I’ve recently been trying to CAD a 4 bar lift in fusion 360 although when I try to join the bars together using the “joint” function with the “revolute” type of joint fusion tells me “selected joint type will result in conflict” and then none of the joints work.
Thanks in advance
I’ve never had any formal training with Fusion 360, but I have been using it for the last 4 years just learning as I go. Here’s my method for creating motion links such as a 4-bar. I’m not sure if this is inferior to other methods or not the accepted standard, but here’s what I do.
- Position the components using the move and align tools.
- Create a number of As-Built Joints at each of the points of revolution (where you would have a screw or an axle). Specify rotation as the type. The As-Built Joint tool will revolve the first selected component around the second selected one. You will specify either a construction axis or some object geometry as the rotation center. Note that this required design history to be enabled.
- At this point you should be able to rotate each individual bar. If you are not able to or the whole assembly moves, ground a stationary component and try again.
- Create a number of motion links between your joints. You can modify the ratio of speed and the direction to match what should physically happen. Motion links must be done in pairs, so pair off the joints and apply a motion link to each pair until you have the minimum number of constraints for the system to properly work.
Ok thanks for the help - I’ll try
I have also been using fusion 360 for about 4 years, you had a nice explanation of the joints. I would just like to add that it also helps to have restrictions when creating motion links.
Fushion 360 is so difficult to use
if you watch tutorials and just understand some about modeling its not bad.
it takes some time to perfect
Try to label all of your joints so if there is conflict with another joint, you can easily go through and find the problem.
A small tip that might save you a lot of time is using rigid groups instead of multiple as-built joints. They achieve the same thing, but rigid groups are far more efficient. (Select all pieces you’d like to join, right click, and make rigid group)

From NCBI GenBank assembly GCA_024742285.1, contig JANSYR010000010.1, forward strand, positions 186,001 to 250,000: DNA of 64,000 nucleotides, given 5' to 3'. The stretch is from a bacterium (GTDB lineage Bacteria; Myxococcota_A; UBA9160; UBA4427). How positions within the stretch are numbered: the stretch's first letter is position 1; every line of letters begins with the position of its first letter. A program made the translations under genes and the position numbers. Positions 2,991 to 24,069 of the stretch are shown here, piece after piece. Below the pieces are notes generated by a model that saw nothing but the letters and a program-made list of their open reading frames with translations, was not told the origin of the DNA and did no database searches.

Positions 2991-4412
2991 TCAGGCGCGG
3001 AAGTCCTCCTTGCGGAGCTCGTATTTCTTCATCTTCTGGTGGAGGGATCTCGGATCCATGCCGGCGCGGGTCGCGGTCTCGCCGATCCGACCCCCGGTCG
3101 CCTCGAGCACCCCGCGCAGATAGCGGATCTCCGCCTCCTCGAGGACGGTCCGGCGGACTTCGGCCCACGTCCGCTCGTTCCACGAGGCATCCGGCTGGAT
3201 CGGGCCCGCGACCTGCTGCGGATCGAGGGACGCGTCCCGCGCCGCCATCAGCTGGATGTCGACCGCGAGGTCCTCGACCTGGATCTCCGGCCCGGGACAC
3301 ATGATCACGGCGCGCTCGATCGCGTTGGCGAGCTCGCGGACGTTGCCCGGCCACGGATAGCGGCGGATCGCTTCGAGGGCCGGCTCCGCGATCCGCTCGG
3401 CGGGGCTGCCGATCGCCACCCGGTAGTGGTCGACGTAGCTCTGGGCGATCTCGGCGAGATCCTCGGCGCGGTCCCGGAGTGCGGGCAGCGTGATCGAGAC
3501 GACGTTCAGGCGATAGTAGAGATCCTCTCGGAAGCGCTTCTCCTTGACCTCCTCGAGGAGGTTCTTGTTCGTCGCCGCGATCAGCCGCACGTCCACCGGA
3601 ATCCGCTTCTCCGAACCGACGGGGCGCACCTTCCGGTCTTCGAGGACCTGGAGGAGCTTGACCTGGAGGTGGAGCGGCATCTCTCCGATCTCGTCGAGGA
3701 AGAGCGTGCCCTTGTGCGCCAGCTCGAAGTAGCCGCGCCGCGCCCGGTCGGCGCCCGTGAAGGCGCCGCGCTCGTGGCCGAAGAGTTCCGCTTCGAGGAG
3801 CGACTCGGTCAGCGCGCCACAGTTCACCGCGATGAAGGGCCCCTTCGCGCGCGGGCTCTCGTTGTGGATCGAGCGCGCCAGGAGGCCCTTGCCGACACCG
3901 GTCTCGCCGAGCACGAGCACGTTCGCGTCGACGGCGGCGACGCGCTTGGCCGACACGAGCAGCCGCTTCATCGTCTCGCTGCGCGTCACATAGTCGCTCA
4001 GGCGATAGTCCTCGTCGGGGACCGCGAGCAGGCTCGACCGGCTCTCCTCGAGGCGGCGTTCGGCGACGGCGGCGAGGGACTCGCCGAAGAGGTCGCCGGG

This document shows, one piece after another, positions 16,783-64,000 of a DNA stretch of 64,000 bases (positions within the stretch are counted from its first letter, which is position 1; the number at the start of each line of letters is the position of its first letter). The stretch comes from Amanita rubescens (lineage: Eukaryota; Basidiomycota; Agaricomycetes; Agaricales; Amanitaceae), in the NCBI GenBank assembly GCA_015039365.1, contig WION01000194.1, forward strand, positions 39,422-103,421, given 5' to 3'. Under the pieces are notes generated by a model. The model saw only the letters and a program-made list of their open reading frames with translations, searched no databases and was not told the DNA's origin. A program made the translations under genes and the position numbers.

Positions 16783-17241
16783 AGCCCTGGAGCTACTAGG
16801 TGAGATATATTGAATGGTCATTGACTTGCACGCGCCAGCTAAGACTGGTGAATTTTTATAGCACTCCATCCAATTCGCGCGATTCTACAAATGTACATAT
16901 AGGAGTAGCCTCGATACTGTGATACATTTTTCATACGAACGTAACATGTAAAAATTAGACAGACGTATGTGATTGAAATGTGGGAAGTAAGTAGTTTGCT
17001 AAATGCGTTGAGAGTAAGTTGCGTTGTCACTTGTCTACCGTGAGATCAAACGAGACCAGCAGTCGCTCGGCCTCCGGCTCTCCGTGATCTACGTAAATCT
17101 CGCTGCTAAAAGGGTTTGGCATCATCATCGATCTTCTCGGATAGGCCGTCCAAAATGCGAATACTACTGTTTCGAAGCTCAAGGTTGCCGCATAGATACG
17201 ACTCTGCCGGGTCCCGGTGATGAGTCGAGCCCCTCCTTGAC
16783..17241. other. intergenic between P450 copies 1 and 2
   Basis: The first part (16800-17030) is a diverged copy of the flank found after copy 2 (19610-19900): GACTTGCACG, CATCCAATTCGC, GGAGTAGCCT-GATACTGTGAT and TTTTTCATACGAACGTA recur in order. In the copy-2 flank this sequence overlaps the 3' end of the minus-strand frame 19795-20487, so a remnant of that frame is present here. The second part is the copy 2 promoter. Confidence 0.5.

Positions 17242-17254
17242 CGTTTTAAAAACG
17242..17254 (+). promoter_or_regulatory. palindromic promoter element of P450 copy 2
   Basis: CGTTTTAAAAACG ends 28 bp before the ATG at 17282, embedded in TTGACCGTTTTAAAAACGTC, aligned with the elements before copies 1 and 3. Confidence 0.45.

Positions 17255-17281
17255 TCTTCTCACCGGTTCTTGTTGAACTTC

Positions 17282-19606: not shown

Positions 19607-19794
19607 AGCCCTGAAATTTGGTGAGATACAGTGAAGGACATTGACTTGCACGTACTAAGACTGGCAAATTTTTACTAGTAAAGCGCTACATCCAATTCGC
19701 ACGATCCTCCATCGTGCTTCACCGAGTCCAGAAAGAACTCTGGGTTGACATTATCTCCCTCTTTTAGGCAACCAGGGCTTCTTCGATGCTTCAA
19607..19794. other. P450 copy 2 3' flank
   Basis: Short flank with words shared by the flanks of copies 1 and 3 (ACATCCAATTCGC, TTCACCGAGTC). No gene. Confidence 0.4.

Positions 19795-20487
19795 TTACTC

Moving parts into place is also never as efficient as using joints, so I would build 1 side of your lift with regular rigid joints, using revolutes any time a bar should rotate. Get this side working first, using motion links or a motion study might be more intuitive and is render friendly. Then you can mirror the lift, and constrain the mirrored side with a few rigid groups and revolute joints. If you want to make things even simpler, you can include the original(not mirrored side) bars in the (mirrored side) rigid groups accordingly so that you don’t need the second set of redundant revolute joints.
Thanks - I never thought of this - this really helps
I think if you want to preserve the joints on your mirrored lift, you have to make a new project and import two of each side of your lift. I once used mirror and did not preserve the joints I made on the original side.
That’s correct, which is why I make rigid groups that span the lift and connect the unconstrained parts to the constrained original parts.
If you use lift subassemblies, selecting the proper components for making your spanning rigid groups is much faster as well. Adding subassemblies can be done after assembling a side, so contrary to popular belief you don’t need to be thinking way in advance. Just create a couple new components, name them, and drag and drop your existing components into their properly sorted subcomponents.